What if we saw our role as parents with a similar weight to that of the Prophet’s calling from God? We don’t know what God is going to do through our children and do through us through the experience of parenting.
So, maybe we need to follow in the footsteps of Elijah and get in a good nap followed by replenishing ourselves with healthy food. I realize that an angel of the Lord may not be stopping by to drop the food off, but maybe an angel from church could?
By better caring for ourselves we are better equipped to care for those in our charge, our children, our families, our communities and the body of Christ as a whole. We cannot pour out of empty. Put on the oxygen mask first, and when you’re too weak to put that mask on first reach out to your community for help.
You don’t have to do it alone.
Photo Credit: ©Getty/Mladen-Zivkovic
4. The Profound Difference Sabbath MakesSlide 4 of 5
I have so many friends who can’t stop, won’t stop, don’t know how to stop. It’s as if they are hard wired to go go go. I used to beat myself up for not having their level of endurance. I thought I was weak. Almost every single time I’d attempt (and fail) to achieve and live at their level I’d end up completely exhausted or worse.
There was a season in my life—not all that long ago—that my husband and I were working so hard and were so stressed out that I ended up hospitalized. I ran myself down to a pulp.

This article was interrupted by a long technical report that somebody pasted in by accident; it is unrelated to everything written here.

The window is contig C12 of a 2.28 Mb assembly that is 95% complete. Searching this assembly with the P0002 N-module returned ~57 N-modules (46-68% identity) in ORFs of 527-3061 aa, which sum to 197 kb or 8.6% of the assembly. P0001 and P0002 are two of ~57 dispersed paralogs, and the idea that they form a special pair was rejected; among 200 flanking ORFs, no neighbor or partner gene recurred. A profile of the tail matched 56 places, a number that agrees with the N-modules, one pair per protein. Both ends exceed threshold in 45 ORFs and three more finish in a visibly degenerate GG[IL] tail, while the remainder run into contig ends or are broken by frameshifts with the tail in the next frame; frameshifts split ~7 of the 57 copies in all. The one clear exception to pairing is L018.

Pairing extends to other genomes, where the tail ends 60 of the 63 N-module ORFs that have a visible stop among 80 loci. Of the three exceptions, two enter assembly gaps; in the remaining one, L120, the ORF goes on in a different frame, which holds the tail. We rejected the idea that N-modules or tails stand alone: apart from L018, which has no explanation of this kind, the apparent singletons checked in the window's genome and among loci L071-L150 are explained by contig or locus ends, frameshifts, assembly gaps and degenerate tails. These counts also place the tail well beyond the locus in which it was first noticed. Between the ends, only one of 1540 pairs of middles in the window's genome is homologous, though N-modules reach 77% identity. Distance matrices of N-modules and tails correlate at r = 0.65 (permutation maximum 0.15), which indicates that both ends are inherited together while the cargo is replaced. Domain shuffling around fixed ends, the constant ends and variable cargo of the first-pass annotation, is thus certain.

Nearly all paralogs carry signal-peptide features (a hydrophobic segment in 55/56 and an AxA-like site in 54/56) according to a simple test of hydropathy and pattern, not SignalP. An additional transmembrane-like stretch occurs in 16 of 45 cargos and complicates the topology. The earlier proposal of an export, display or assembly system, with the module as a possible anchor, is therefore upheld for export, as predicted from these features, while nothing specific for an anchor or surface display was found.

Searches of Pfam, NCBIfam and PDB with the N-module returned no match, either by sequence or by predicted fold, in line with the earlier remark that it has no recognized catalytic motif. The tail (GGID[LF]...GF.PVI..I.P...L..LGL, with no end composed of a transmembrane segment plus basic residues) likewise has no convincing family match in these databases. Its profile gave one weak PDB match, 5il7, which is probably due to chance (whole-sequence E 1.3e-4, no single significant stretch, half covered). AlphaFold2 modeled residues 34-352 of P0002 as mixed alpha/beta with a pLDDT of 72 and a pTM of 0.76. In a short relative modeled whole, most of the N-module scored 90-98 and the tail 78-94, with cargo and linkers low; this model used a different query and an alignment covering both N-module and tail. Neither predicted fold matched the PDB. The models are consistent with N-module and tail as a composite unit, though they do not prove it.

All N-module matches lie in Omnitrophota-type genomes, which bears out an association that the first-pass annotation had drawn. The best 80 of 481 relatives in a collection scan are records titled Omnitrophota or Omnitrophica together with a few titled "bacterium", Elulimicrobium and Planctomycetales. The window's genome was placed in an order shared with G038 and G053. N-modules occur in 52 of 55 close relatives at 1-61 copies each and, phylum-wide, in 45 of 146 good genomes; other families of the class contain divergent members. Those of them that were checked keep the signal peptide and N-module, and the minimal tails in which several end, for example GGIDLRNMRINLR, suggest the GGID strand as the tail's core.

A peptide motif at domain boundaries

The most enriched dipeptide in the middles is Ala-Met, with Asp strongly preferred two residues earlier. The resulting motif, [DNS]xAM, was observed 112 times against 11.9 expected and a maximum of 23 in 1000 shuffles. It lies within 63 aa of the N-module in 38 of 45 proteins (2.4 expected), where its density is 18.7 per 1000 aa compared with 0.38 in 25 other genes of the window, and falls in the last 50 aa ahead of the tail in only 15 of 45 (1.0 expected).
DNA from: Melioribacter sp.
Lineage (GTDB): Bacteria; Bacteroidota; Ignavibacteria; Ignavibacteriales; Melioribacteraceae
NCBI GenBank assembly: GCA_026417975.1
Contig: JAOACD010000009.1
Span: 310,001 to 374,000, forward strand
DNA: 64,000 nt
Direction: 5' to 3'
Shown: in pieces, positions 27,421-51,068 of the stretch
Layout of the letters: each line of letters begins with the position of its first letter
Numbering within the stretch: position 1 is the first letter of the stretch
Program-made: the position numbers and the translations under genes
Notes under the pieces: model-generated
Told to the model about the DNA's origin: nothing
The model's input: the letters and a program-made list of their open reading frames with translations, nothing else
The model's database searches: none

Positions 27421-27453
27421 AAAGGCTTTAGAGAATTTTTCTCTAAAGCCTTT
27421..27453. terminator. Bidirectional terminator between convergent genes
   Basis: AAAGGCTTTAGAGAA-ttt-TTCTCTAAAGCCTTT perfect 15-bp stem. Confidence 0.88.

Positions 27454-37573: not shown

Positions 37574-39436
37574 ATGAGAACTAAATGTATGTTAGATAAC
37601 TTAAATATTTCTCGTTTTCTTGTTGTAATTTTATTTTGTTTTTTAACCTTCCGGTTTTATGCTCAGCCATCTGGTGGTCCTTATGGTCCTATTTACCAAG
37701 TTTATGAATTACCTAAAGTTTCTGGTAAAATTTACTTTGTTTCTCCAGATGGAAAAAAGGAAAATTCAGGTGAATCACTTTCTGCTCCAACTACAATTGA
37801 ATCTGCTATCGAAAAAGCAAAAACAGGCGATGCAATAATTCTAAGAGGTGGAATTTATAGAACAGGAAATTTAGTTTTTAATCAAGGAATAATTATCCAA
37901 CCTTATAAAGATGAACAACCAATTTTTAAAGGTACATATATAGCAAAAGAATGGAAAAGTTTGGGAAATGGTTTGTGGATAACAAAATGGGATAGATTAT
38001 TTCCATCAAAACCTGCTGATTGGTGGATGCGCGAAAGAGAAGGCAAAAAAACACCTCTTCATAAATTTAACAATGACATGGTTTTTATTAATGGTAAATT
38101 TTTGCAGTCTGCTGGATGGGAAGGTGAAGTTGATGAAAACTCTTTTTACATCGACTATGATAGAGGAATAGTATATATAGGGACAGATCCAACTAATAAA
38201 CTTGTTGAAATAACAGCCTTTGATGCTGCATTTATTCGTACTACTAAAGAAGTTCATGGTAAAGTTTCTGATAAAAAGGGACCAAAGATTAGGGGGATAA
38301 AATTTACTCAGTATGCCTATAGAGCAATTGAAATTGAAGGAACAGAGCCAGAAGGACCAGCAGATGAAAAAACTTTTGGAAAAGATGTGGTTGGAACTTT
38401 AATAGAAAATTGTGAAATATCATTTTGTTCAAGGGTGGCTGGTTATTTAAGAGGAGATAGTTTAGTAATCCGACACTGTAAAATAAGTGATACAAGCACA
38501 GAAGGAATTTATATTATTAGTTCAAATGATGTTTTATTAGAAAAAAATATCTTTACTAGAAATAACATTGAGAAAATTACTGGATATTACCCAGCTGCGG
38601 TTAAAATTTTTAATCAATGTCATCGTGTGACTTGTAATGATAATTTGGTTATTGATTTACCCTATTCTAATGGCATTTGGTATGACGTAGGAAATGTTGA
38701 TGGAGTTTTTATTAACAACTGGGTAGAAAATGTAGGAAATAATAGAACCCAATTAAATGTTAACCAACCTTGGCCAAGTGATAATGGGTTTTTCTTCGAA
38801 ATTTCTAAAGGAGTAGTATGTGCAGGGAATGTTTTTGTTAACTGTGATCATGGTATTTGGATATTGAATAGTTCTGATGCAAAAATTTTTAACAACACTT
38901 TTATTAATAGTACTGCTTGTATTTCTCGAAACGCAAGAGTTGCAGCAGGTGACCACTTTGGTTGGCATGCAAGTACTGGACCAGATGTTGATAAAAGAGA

God did not create us to live a life without rest. He wants us to rest, not only in Him, but also physically. He wants rest for our weary minds, our tired souls and our fatigued bodies.
God, our good Father, must have some insight to what life on this earth was going to be like. He must know that this world will darn right wear us out. I can’t imagine he’d be so firm on the point of rest if he didn’t.
It is for this very reason that God calls us into sabbath with him. As parents, observing the sabbath can completely transform our households. Creating a rhythm of sabbath for our families goes beyond just physical rest. During this time we can quiet our minds, hearts and spirits and return to communion with our Creator.
As podcaster Marty Solomon puts it, he teaches his young kids that on Sabbath days, "We rest. We play. No work. God loves us." What a difference this mindset makes in our lives.
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5. The Importance of Sustainable RestSlide 5 of 5